Flaws of New York sex offender registry revealed
BY ERIK GERMAN
9:21 PM EST, January 15, 2008
State Comptroller Thomas DiNapoli released an audit Tuesday of the state sex offender registry that, while generally positive, found "significant" flaws with its administration.
According to the findings, one-fourth of the records investigators surveyed had mismatched driver's license information and, in some cases, license details for the wrong people were given out as those of offenders.
Auditors randomly sampled license data for 200 of the state's 23,000 registered sex offenders, and found "a quarter of the records did not match," DiNapoli spokeswoman Jennifer Freeman said. "If you apply this to the entire database, we are concerned that this problem may be significant."
The audit also found the state Division of Criminal Justice Services, legally responsible for maintaining the sex offender registry, in some cases failed to follow up with local law enforcement agencies that were trying to locate offenders."
DCJS is not reaching out to local law enforcement to find out the status of these investigations," Freeman said. "We don't want to see any sex offender missed because of miscommunication between Justice Services and local law enforcement.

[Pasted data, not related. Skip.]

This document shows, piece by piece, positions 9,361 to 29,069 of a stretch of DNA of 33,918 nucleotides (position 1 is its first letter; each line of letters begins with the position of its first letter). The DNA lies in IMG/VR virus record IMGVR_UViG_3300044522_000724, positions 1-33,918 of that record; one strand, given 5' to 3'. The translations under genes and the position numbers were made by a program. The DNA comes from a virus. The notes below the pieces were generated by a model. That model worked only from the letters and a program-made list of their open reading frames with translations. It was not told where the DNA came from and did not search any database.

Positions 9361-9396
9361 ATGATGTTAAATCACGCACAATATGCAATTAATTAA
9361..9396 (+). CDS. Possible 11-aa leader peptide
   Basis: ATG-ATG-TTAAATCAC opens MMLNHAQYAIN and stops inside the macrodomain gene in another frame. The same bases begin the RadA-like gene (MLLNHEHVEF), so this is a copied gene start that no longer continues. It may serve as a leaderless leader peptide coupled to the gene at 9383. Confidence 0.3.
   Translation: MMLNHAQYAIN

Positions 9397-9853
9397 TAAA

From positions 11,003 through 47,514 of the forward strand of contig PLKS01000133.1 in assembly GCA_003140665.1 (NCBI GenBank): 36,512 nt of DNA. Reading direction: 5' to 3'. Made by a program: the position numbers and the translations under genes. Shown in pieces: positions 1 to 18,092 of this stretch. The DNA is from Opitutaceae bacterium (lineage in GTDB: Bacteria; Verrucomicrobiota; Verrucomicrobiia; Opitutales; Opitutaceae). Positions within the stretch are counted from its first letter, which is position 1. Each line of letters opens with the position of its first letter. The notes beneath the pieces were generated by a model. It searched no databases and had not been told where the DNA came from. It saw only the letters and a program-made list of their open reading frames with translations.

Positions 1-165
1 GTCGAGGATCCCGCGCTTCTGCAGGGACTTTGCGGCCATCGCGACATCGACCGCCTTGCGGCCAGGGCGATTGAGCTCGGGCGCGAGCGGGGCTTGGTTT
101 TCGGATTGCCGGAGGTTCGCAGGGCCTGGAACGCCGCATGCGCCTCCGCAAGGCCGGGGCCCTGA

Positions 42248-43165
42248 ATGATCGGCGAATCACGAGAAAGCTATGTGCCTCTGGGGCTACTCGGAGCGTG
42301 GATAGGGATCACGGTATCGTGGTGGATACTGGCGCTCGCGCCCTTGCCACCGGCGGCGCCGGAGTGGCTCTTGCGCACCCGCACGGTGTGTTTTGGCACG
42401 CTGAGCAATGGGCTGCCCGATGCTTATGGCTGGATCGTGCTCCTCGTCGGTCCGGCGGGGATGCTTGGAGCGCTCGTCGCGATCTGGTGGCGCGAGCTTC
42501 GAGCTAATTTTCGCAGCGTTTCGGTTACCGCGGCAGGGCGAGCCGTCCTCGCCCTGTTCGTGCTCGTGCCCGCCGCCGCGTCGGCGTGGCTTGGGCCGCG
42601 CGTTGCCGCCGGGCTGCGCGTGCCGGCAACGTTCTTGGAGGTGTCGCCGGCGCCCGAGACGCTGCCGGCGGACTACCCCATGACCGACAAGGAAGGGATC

"The Division of Criminal Justice Services said it had corrected the errors in the driver's license data and was moving to improve communications with local law enforcement.
"We are working diligently to implement the recommendations," said Janine Kava, a spokeswoman for the agency. "We want to ensure that the state's sex offender registry remains accurate and up to date and continues to be an important resource for the public."
Kava said the agency has begun working closely with local police forces to issue arrest warrants for those who fail to register their addresses with authorities. The DCJS has also begun posting names and photos of missing sex offenders on the agency Web site and appealing to the public for help in finding them.
Advocates for victims of sexual abuse welcomed the audit findings."We commend the comptroller for making child safety and community safety a top priority," said Laura Ahern, director of Parents for Megan's Law. She said complaints from the community regarding inaccuracies in the registry were among the most common her Stony Brook-based group receives.
"The registry is only one tool, but if it's going to be a tool the government is providing it has to be accurate," she said.
Ahern took issue with DiNapoli's recommendation that the state record calls it receives to the hotline offering information on registered offenders for training and quality purposes.
"Somebody who is victimized has a fear that somehow or another that information would get back to the offender," Ahern said. "So they don't call."
New York better get on the ball and fix these issues. I smell a lawsuit!
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